Why two exercise goals are surprisingly better than one
Yet, we often think it’s best to stop at just one. If you set too many goals at once, it’s easy to get overwhelmed. If you set too many priorities, nothing gets prioritized.
But when it comes to goal setting, there may be good reason why two goals really are better than one.
When it comes to goals, setting two related ones at once can be helpful for a few different reasons.
One is that starting small, by setting an achievable goal, is a good idea, but some people feel uncomfortable setting goals they think are too easy to reach. Some people need something bigger and more challenging to really get motivated and to feel like they’re working toward a significant achievement. Some people want their goals to be hard, challenging, and worth it.
A second reason is that two goals can give us the flexibility necessary to balance the short and long term. They allow us to get specific about next week, while also keeping next month and neat year in mind.
One small. One stretch.
Both goals should be SMART – that is specific, measurable, attainable, relevant and timely.
The first should be a small goal – one that you can take immediate action toward and that will get you headed in the right direction. The second should be something called astretch goal – a bigger, loftier goal that will take time, hard work, and consistency to reach.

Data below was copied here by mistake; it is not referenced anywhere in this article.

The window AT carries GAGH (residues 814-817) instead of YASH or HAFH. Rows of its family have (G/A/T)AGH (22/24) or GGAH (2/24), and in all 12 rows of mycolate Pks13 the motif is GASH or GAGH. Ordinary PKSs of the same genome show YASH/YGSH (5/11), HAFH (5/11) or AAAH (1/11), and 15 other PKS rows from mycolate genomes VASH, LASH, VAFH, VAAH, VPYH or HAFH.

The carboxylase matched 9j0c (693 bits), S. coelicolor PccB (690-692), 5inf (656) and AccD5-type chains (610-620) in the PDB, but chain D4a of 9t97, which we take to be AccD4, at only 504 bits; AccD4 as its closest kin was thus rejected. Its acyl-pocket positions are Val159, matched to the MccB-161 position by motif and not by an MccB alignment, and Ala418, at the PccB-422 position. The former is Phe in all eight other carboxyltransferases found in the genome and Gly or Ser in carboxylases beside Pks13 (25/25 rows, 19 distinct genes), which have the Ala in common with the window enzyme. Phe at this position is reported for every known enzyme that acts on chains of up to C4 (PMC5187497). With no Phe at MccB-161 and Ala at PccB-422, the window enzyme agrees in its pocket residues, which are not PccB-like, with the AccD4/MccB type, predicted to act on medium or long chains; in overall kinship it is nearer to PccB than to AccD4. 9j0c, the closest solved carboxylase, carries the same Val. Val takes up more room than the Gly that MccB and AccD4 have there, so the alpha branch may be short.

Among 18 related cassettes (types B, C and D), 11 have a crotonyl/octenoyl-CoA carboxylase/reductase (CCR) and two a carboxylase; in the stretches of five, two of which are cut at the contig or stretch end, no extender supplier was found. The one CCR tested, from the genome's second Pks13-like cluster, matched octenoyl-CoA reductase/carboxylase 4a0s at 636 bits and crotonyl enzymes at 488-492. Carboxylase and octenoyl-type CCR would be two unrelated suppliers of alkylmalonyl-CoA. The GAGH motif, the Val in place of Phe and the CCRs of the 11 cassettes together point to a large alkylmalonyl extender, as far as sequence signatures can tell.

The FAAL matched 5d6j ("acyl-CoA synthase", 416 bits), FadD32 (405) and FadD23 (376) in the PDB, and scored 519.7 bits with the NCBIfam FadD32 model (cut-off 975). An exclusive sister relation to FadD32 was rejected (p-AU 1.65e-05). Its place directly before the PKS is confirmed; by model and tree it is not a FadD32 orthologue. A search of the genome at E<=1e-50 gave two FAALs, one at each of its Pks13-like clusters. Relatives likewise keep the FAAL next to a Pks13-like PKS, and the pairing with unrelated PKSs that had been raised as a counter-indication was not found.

Take running, for example. Your stretch goal might be to ultimately run a 10k, half or full marathon. To make this even more specific and timely, look up potential races and sign up well in advance.
But running a race may seem daunting at first, so you can also set a small goal, like to jog for 10 minutes three times a week. To get even SMARTer, make it Monday, Thursday and Saturday at 7 AM (or 8 PM if you prefer exercising in the evening) and set a timer, or use an activity tracker, for each run.
Or if you’re more interested in trying yoga, your stretch goal (are all yoga goals stretch goals?) might be to have the power, balance and flexibility to do a handstand in a year. Your smaller, more manageable goal might be to start taking a class twice a week on Mondays and Thursdays after work at the studio down the street.
Setting goals is essential to progress. If you want to start being more active, think about why. What experiences do you want to have? What would you like to able to do that you currently can’t?
Brainstorm ideas on a sheet of paper right now. Make a list and identify the stretch goal that really gets you excited. Then challenge yourself to figure out exactly what you would need to do to get there.
Plan for next year, then start today. Think big, then start small. Set two goals, then make it happen.